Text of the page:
ALL-WOMEN SHORTLISTS ARE SEEN AS TERRIFYING. BUT SO IS THE STATUS QUO
It’ll be 2055 before we get gender equality in the House of Commons. Politics already has an invisible quota system – one that shuts down diversity
Sometimes it’s not a matter of sitting patiently, it’s a matter of working out how long you have got. You begin to realise that what you thought would happen “naturally” has not happened at all. I would have predicted by 2015 that about half of the people in important jobs – in public life, in parliament, in business, on the telly – would be vaguely female. It’s a meritocracy, right? Girls are doing better at school so they would be climbing every ladder held steady by supporters of fair play. Well, either I was stupidly optimistic or I must accept what meritocracy tells me. And it is this: women simply aren’t as good as men at most things. Ditto black and ethnic minority people, working-class people, queer people or disabled people.
Take the figures for the most visible form of democratic representation: you may not be interested in individual MPs, but the basic fact remains that these people represent us when they don’t even look like us. To have equal numbers of women and men in the House of Commons, we have to wait until 2055. My eldest daughter will be 70. I will be past caring.
This is not an argument about women being better or nicer; it is simply time we were recognised as the majority. Any kind of “new politics” would incorporate this, but the hard left “anti-austerity” politics enacted by the holy triumvirate of Corbyn, McDonnell and Watson appears to pay lip-service to an equality that will miraculously arrive when neoliberalism magically collapses. Feminism is a bit bourgeois, and the gender stuff can wait. This part of the left has been on a loop for a decade.
Actually, a new politics would figure that there are sound economic arguments for closing the pay gap between men and women. The more that women work, the more economies grow. The more that women control household income, the more children benefit. Half of the growth in OECD countries has been attributed to increased educational attainment by women. The UN calculates that closing the gender pay gap and the employment participation gap would increase women’s income by 76%. Globally, this is estimated at £11tn.
Equality and anti-austerity politics are interlinked. It is not enough to note that austerity has hit women hardest; this was a deliberate policy. So is the closing of rape crisis centres. So is the impoverishment of children. We can continue to ignore, too, the gendered nature of the refugee crisis, but we are seeing mobile young men, with women left behind.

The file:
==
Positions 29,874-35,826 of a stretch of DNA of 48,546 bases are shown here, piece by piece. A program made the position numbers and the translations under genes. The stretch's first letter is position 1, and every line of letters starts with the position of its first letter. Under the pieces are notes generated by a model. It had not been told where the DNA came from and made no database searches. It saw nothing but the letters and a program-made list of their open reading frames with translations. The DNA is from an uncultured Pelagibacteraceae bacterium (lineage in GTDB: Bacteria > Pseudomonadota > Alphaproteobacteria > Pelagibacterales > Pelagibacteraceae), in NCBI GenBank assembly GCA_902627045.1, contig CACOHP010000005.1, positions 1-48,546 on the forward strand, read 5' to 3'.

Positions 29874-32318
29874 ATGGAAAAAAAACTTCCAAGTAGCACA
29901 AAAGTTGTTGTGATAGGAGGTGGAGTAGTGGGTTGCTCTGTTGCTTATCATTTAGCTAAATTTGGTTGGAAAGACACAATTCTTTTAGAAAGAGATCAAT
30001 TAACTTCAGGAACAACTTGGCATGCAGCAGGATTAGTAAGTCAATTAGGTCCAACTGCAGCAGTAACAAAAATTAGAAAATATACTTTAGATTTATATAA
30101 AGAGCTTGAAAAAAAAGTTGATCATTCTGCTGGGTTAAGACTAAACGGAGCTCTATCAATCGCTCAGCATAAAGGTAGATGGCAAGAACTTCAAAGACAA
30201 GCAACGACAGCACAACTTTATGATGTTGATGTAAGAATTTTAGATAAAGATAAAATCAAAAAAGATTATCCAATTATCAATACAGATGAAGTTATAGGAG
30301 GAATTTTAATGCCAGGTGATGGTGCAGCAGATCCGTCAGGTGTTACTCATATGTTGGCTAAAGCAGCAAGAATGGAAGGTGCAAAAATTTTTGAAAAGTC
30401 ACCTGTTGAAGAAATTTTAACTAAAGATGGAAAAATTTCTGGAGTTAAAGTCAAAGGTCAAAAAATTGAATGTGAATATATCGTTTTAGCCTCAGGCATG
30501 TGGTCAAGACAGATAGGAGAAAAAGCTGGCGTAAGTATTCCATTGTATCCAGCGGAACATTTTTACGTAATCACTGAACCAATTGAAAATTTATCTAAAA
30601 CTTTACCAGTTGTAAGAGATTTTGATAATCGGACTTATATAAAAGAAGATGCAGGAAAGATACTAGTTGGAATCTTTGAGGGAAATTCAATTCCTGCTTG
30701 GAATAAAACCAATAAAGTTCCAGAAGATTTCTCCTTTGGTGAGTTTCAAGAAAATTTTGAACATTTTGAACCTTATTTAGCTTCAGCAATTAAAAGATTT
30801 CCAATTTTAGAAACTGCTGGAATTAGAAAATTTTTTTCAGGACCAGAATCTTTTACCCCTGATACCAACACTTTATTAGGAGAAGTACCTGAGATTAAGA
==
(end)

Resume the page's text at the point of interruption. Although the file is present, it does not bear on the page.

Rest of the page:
The ruling elite may speak up for the interests of women, but their polices do otherwise. This meritocracy has produced a government of mediocre millionaires challenged by a party that had done “well” for women. Just not well enough to allow them to lead them, or give them the big jobs.
The great lie of meritocracy is that it is not underpinned by social engineering. Go to the right school, meet the right people, get the right job and you will run law, politics, the media, and you can all stand around convincing each other of your individual brilliance. Anything that might disrupt this is a threat. But it’s time.
The LSE commission on gender inequality and power, looking at senior positions in the public and private sectors, called for quotas to boost the number of women in all parties to balance decision-making in parliament. This is increasingly happening across Europe because, whatever the parties say, without quotas they continue to reproduce a stale homogeneity. The key phrase from the LSE is not about the under-representation of women “but the unjustifiable over-representation of men”.
This stuff frightens the horses all right. Sir Brian Leveson, responding to a government-backed report about putting more women in senior jobs in the law, described quotas as “demeaning”. The alternative, I guess, is a preponderance of men in wigs until some women are deemed good enough. All-women shortlists are seen as terrifying. But so is the status quo.
One of the polices of the new Women’s Equality Party, which I support and whose policy launch is next week, is to introduce special measures to increase the number of women both in the Commons and in the Lords, where, on existing trends, we will have to wait until 2100 for gender parity. These temporary measures would mean that women made up two-thirds of new MPs and three-quarters of new peers. We want to ensure that two-thirds of those replacing retired candidates are female. Each party may choose how it achieves this, but we would support women-only shortlists.
This is hardly radical stuff. No man is being asked to step down. We are simply trying to achieve a gender balance in two to three elections so that quotas will no longer be necessary. Politics as it currently operates is an invisible quota system that shuts down diversity – of every kind. As Sophie Walker, leader of WEP, says: “We have 30 million women in the country. I think it’s highly unlikely you would struggle to find 325 brilliant ones to become MPs.”
If we want to grow this country into a better place socially and economically, women’s equality is the quickest route to it. The smart guys surely know this.
By Suzanne Moore